Definitely Not This Article

My beloved readers, I appeal to you as both a former editor, and a longtime reader of things: if you are married, please stop calling your wife ‘the wife’.1 Or your son ‘the son’. ‘My wife’ works fine.

At its best, this behaviour merely suggests a sort of delusion in which you imagine that nobody else has a wife and yours is the only one in the world. This is bad enough. But things get truly awful when two people start doing this on an email thread or message board. For example:

X: The wife likes bananas, so we shop at Sarojini Nagar.

Y: Everyone in my family likes peanuts, so we shop in Rajouri Garden.

Z: The wife likes catfish, so we shop at Alaknanda Complex.

Aadisht: I like Evergreen kesar rasmalai!

At the same time, thanks to their use of the definite article, I am imagining that it’s the same wife for X and Z. Like a timeshare. And when I know the wives in question and they are delightful ladies, this makes it all the more awkward.

So please, use ‘my’ instead of ‘the’.

1: Technically this applies to ‘the husband’ also, but empirically I’ve never seen anybody saying ‘the husband’. Perhaps this is because they say ‘the hubby’ instead, at which point my brain wipes away the memory of what they’ve just said to preserve me from the horror.

A Requiem for Exes

I have been thinking about exes. Not mine, but other people’s.

Specifically, I have been thinking about the exes whom I never got to meet.

In some cases, this was because the person whom I did know had a relationship when they were living somewhere else, and then broke up before I ever got to meet the partner. Sometimes it wasn’t even geographical separation, but never getting to meet the partner for one reason or the other.

In other cases, it was reading somebody’s blog, and over the months or years, seeing the partner once referred to, change from name to allusion, and then vanish altogether. And made all the more poignant because the ex had no online presence, no blue link underlining their name, to give them an identity other than once partner, then ex, now cipher. The same applies to Twitter and Facebook, I suppose.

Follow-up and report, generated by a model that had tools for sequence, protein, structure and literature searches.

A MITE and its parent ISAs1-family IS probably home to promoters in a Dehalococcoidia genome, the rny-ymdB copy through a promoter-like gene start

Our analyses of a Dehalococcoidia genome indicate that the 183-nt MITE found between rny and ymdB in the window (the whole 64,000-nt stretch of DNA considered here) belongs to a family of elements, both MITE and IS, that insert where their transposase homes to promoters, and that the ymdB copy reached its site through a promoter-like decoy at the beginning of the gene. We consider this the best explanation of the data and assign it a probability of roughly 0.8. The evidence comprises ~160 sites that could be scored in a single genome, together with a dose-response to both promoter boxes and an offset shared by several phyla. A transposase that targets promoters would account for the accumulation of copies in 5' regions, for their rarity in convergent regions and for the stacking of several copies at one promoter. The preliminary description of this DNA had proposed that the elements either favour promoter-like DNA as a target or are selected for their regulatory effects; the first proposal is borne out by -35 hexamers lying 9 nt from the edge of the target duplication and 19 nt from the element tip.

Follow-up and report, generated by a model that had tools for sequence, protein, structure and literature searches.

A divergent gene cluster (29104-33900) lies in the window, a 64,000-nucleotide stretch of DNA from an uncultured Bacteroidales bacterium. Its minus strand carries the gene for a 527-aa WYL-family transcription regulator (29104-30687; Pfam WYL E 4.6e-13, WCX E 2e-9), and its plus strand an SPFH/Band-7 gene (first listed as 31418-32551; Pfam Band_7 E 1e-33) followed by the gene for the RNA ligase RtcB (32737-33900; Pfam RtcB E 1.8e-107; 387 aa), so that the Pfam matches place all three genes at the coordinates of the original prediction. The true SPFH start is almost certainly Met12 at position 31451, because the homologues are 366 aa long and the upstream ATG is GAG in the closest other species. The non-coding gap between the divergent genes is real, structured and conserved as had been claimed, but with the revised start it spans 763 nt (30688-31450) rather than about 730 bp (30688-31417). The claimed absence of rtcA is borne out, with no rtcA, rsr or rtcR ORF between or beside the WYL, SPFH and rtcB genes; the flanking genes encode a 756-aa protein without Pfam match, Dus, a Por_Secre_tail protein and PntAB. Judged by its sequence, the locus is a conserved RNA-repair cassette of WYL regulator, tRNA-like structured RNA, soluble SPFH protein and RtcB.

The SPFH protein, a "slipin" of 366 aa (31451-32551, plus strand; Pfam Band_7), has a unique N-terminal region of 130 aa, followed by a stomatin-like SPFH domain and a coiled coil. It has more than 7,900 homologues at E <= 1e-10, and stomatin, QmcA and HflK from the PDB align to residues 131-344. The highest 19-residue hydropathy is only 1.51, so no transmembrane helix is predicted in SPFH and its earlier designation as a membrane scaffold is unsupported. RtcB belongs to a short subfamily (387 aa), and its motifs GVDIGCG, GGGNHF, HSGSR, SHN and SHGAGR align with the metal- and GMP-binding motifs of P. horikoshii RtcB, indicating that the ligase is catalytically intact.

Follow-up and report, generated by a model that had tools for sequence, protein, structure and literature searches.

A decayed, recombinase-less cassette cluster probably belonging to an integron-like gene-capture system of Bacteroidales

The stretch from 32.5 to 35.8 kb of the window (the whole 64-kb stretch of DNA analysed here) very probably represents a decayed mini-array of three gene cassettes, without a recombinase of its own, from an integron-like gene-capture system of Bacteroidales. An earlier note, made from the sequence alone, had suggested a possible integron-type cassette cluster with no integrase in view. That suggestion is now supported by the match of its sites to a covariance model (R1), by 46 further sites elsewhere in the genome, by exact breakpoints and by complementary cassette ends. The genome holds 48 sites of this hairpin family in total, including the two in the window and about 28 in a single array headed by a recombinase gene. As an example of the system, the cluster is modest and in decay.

What happened to all these exes I never knew as persons, but only as partners, I wonder. Did they take the breakup badly? Did they move on? Did they see it as an opportunity to become aggressively single and Lothario their way through life? Go to the Rocky Mountains and shoot grizzly bears? I shall never know, particularly when the breakup was either messy or embarrassing.

Perhaps they’ve all gone to the same place, and Scott Pilgrim style, formed a League of Evil Exes.

The Taxman and my Grandfather

Two weeks ago, the Hindustan Times had an interview of Arun Jaitley, in which he made this depressing statement:

Shouldn’t the taxmen have some idea about the correlation between your income and expenditure or the correlation between your income and lifestyle?

As far as I’m concerned, no they bloody shouldn’t. Accepting reluctantly that I do have to fork over about a quarter of my income in order to provide for my government’s questionable expenditure choices (an airline? really?), I draw the line at said government also demanding to know the complete details of my lifestyle on threat of financial penalty. Is nothing private? Can I no longer buy web hosting, Cities: Skylines, or The Princess Diaries XI: Royal Wedding without Jaitley poking his greasy nose into the affair? Moreover, if there is already sales tax and service tax, why do the taxmen give a damn about the correlation between income and expenditure? And as long as I pay everything on time and accurately, why is my lifestyle under suspicion from the get go?

This excessive preoccupation with other people’s lifestyles reminds me of the story of how my grandfather disliked Jammu.

My grandfather was a great man who climbed out of poverty thrice. The reason once wasn’t enough is that the first time he did it, Partition pushed him back into destitution, and the second time he did it, his sleazy younger brother pushed him back into poverty. But he kept going, like Chumbawumba.